§ Because a dump file can include SQL statements to alter tables to set the collation, the ALTER privilege may be needed.

§ Depending on the method Lena uses to restore tables, she might also want to restore them to temporary tables. For that, she will need the CREATE TEMPORARY TABLES privilege. Temporary tables are dropped when the client connection is closed.

§ If a database has views and triggers, the CREATE VIEW and TRIGGER privileges are required.

For our database usage, we won’t need CREATE VIEW or TRIGGER, but we will need the other privileges. Create the admin_restore@localhost user account and give it the necessary privileges by entering the following on your server:

CREATE USER 'admin_restore'@'localhost'

IDENTIFIED BY 'different_pwd_456';



ON rookery.*

TO 'admin_restore'@'localhost';



ON birdwatchers.*

TO 'admin_restore'@'localhost';

With those privileges, Lena should have what she needs to restore any of the data in the rookery and birdwatchers databases.

User Account for Bulk Importing

The last administrative user we need to create for Lena is admin_import. She’ll use this user account to import large data text files into our databases. This is covered in Chapter 15. For this method of importing data, she’ll use the LOAD DATA INFILE statement. That requires just the FILEprivilege.


The FILE privilege is a security risk because it has the ability to read data from any file on the server to which MySQL has rights. This is why it is especially important that this privilege be given only to a user account designated for importing files. The password for that user account should be given only to someone who is trusted. You can restrict the directory from which files may be loaded with the secure_file_priv variable. That will minimize the security risk to the filesystem. You can also revoke this privilege when it’s not in use and grant it again when needed to minimize risk to the databases.

The FILE privilege cannot be given for specific databases or components. It’s a global privilege. If we give it to the admin_import@localhost user account, it can import data into any database — and it can export data from any database, including the mysql database. So be careful who gets this privilege and never allow it with a remote host. Still, create admin_import@localhost and give it this privilege by entering the following on the server:

CREATE USER 'admin_import'@'localhost'

IDENTIFIED BY 'another_pwd_789';


TO 'admin_import'@'localhost';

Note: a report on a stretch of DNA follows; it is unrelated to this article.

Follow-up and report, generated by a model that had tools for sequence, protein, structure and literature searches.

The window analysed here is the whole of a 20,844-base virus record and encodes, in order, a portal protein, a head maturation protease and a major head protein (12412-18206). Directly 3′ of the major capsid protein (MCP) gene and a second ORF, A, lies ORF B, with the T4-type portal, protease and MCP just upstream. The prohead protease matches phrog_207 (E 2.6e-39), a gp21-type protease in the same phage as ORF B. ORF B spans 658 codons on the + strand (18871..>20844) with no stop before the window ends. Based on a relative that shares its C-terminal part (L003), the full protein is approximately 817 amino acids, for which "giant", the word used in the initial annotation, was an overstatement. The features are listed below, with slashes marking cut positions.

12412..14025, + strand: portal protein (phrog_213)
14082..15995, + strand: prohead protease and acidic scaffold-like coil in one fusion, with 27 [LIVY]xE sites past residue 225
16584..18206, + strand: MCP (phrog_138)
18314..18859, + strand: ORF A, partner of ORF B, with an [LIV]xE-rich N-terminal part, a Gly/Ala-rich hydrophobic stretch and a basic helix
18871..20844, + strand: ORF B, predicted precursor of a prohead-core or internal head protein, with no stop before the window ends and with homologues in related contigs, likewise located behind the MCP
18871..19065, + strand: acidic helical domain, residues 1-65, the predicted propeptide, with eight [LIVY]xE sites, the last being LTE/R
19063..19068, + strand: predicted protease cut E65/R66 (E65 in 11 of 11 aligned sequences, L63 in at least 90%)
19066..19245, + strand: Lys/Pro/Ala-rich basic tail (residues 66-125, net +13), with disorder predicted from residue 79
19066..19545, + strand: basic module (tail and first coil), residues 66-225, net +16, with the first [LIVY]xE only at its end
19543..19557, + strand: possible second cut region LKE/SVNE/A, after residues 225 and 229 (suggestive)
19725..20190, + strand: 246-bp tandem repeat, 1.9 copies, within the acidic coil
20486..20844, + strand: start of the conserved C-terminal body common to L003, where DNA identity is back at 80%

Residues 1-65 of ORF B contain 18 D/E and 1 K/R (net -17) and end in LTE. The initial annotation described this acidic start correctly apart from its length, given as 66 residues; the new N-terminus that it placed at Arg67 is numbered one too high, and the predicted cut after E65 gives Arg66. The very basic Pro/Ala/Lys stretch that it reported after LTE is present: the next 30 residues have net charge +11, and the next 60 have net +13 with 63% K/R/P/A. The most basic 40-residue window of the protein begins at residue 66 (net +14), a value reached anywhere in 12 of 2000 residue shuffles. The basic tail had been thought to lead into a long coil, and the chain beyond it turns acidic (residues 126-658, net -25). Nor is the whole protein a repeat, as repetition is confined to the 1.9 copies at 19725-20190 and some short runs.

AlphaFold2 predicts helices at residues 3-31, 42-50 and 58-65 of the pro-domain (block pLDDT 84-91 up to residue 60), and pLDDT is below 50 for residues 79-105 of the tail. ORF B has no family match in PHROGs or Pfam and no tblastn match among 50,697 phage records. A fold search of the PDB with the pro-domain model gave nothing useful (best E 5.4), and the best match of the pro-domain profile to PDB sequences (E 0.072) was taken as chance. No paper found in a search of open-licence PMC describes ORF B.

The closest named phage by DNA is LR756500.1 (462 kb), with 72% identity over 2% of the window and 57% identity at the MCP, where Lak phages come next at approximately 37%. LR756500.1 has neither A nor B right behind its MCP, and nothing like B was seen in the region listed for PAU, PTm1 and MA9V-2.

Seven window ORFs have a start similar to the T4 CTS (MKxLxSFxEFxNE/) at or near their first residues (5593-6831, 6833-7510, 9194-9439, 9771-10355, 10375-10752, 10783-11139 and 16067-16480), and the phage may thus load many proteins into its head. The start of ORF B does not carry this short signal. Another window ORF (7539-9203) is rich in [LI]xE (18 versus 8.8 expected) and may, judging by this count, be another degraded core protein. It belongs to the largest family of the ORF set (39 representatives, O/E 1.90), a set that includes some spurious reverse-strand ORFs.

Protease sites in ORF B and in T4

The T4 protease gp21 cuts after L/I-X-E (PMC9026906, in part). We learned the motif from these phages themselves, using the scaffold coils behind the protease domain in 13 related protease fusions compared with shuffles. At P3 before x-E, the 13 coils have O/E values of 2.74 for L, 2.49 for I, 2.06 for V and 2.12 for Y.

We have created all of Lena’s administrative user accounts and set each one with the necessary privileges (no more and no less) for her to perform her duties related to our databases. Let’s create one more administrative user account, though, that may be of use to you.

User Account to Grant Privileges

Another user account that you might need is one for creating other users. You could use root for that, but to continue the policy of using limited administrative user accounts for separate functions, we should create a separate user account for user and privilege maintenance. Besides, this task might be given to someone who we don’t want to have complete control over our database system.

To create a user account with the ability to create other user accounts and grant those other user accounts privileges, the GRANT statement has to include the GRANT OPTION clause. This clause allows the user to grant the same privileges it has to other users — but only the precise privileges granted in this GRANT statement. If we limit the privileges in the GRANT statement to our two databases, the user account cannot grant privileges to other databases. For instance, execute the following on your server to create this user account and give it the GRANT OPTION for our two databases:


TO 'admin_granter'@'localhost'

IDENTIFIED BY 'avocet_123'



TO 'admin_granter'@'localhost'

IDENTIFIED BY 'avocet_123'


This creates the admin_granter@localhost user account, which has the privilege of granting privileges on the rookery and birdwatchers databases to other user accounts.

This user account’s privileges are still fairly limited if we want it to be used to manage other user accounts. Suppose we want this user account to create and drop user accounts for our databases. To do that, we need to grant the CREATE USER privilege globally to admin_granter@localhost. So that this user account can execute the SHOW GRANTS statement, it will also need the SELECT privilege on the mysql database. This is another security risk, so be careful who gets this privilege. Enter these two SQL statements to give this user account these two additional privileges: